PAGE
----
Brewing in Beats: Set configuration options from the CLI | Elastic Blog

Brewing in Beats: Set configuration options from the CLI

Welcome to Brewing in Beats! With this series, we're keeping you up to date with all that's new in Beats, from the details of work in progress pull requests to releases and learning resources.

New community Beat: Saltbeat

Salt is an open source automation framework, similar to Ansible for example. Saltbeat is a forwarder for messages from the salt master event bus to Logstash and Elasticsearch.

Set configuration options via the CLI

The Beats are getting a -E flag, similar to the Elaticsearch -E option, that allows overwriting configuration options from the command line. For example, you can now quickly enable the console output by adding -E output.console.pretty=true.

Combine processor conditions with and/or/not

The Beats processors (a.k.a generic filters), which are new in 5.0, now support combining conditions with logical operators. This means you can express complex conditions for filtering out the interesting events. For example, to drop all events that have codes 200 or 404 on a given URL:

drop_event.when:
and:
- equals.request_url: “/test”
- or:
- equals.http.code: 404
- equals.http.code: 200


Logging verbosity cleanup + more internal metrics

We started with a bug report (thanks Lee) that highlighted how sometimes we fail to provide the operator with important information and started doing a largish effort to rethink what we log and with what verbosity level. Part of this, we reduced the numbers of WARN and INFO messages that we produce, so we can switch the default log level from ERROR to INFO. To compensate, we replaced the most verbose warnings/infos with internal metrics. These internal metrics are dumped periodically in logs and will provide data for the future central monitoring system.

Environment variable expansion based on go-ucfg

The previous implementation for environment variable expansion in our configuration files was done via textual replacement before parsing. This was easy and elegant to implement, but could lead issues when the \${var} sequence shows up accidentally (e.g. in a password field). By passing the expansion responsibility to our new go-ucfg library, we can be more selective on where we accept variable expansions.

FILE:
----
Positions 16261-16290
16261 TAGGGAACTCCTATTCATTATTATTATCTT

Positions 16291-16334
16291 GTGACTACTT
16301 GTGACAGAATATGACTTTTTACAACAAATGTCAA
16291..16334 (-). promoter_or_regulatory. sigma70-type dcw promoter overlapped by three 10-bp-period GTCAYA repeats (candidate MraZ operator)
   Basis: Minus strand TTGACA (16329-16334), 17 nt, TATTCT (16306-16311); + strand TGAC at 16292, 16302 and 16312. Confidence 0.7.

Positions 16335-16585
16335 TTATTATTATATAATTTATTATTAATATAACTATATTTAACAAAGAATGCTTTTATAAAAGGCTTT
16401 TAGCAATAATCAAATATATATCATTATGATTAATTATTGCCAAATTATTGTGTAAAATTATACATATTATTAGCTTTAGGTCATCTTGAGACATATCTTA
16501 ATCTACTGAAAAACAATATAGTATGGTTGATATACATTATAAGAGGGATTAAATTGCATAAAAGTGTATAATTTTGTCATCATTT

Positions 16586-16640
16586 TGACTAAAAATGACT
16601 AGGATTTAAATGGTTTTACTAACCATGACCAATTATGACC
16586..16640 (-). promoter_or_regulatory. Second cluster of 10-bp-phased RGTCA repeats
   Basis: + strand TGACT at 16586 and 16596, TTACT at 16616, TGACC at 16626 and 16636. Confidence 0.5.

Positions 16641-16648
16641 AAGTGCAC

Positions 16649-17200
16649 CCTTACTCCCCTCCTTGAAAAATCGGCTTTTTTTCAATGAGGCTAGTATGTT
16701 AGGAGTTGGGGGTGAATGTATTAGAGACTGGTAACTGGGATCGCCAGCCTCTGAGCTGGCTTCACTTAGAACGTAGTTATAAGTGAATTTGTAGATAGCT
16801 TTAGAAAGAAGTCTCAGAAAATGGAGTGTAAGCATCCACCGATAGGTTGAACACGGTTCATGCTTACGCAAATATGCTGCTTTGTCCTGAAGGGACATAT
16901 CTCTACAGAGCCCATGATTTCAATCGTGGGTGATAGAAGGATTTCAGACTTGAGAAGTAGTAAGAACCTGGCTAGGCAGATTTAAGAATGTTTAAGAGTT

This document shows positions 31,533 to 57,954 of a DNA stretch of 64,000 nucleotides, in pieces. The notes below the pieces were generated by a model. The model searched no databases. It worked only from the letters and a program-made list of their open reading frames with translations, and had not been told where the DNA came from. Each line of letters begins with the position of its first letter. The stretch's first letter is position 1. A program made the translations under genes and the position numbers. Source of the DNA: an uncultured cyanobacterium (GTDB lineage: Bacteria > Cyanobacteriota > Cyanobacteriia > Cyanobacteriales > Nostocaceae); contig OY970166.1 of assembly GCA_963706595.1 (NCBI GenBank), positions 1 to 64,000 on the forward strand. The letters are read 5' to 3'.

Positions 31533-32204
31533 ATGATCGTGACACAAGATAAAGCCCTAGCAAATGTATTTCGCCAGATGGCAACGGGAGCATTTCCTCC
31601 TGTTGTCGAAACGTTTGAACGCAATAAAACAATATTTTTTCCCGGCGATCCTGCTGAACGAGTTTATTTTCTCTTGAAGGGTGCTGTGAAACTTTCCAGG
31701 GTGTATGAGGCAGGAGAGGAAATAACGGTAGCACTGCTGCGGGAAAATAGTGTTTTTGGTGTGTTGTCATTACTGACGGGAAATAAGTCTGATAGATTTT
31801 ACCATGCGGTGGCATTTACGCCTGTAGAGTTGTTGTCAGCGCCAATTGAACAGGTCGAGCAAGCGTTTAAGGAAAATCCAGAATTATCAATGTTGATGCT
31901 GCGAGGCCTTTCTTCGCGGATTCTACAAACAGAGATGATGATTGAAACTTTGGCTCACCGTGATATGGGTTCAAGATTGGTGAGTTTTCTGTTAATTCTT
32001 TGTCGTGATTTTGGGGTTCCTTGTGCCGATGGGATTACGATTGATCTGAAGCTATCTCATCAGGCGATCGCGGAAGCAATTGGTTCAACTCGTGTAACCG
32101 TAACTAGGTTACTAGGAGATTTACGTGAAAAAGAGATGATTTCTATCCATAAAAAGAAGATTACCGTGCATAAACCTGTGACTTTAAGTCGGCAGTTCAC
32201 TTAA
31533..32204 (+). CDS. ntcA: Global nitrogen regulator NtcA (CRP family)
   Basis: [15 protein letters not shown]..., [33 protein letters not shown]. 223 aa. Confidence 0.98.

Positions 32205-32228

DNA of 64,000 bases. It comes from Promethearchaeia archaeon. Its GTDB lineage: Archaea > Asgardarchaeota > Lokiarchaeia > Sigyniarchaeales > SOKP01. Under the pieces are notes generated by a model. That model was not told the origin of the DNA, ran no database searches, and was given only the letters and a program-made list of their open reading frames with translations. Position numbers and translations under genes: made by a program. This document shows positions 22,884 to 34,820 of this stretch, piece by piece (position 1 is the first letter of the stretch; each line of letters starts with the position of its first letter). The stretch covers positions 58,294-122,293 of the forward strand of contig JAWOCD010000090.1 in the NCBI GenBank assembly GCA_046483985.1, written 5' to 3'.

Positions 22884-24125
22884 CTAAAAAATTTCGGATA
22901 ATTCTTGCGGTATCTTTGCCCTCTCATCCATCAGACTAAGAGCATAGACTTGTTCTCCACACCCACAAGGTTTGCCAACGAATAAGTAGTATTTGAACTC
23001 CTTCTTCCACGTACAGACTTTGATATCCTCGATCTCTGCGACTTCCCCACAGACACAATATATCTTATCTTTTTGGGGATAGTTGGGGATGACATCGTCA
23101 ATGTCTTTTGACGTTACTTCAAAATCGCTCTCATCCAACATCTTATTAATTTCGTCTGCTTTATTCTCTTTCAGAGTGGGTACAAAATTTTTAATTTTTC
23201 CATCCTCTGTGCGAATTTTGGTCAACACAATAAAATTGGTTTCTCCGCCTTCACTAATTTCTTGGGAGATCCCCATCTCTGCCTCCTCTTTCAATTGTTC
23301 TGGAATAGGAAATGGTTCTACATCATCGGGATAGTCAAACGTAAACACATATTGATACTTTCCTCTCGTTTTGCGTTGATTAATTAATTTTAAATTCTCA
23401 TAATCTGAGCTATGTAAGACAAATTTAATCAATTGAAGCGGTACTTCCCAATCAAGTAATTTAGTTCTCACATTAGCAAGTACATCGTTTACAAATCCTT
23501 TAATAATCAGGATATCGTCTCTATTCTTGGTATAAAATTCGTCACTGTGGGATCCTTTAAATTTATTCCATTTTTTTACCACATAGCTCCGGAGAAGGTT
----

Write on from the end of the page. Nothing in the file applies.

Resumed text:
This also comes with a breaking change: we used to replace unresolved variables with an empty string, the shell way. Now unresolved variables result in a configuration error, which should help catching configuration bugs earlier.

Specify multiple configuration files

Another improvement that we owe to go-ucfg is that you can now specify multiple configuration files by repeating the -c flag. You can use this, for example, for setting defaults in a base configuration file, and overwrite settings via local configs.

Filebeat fix for very quick file rotation

In case a file was renamed after the state was read but before the file was opened by the harvester it could happen that the wrong file was opened. This lead to the issue, that the wrong file was read including reporting the wrong state for a file. In general this was rather unlikely to happen, but can happen when scan_frequency is very low and number of files rotated is very high.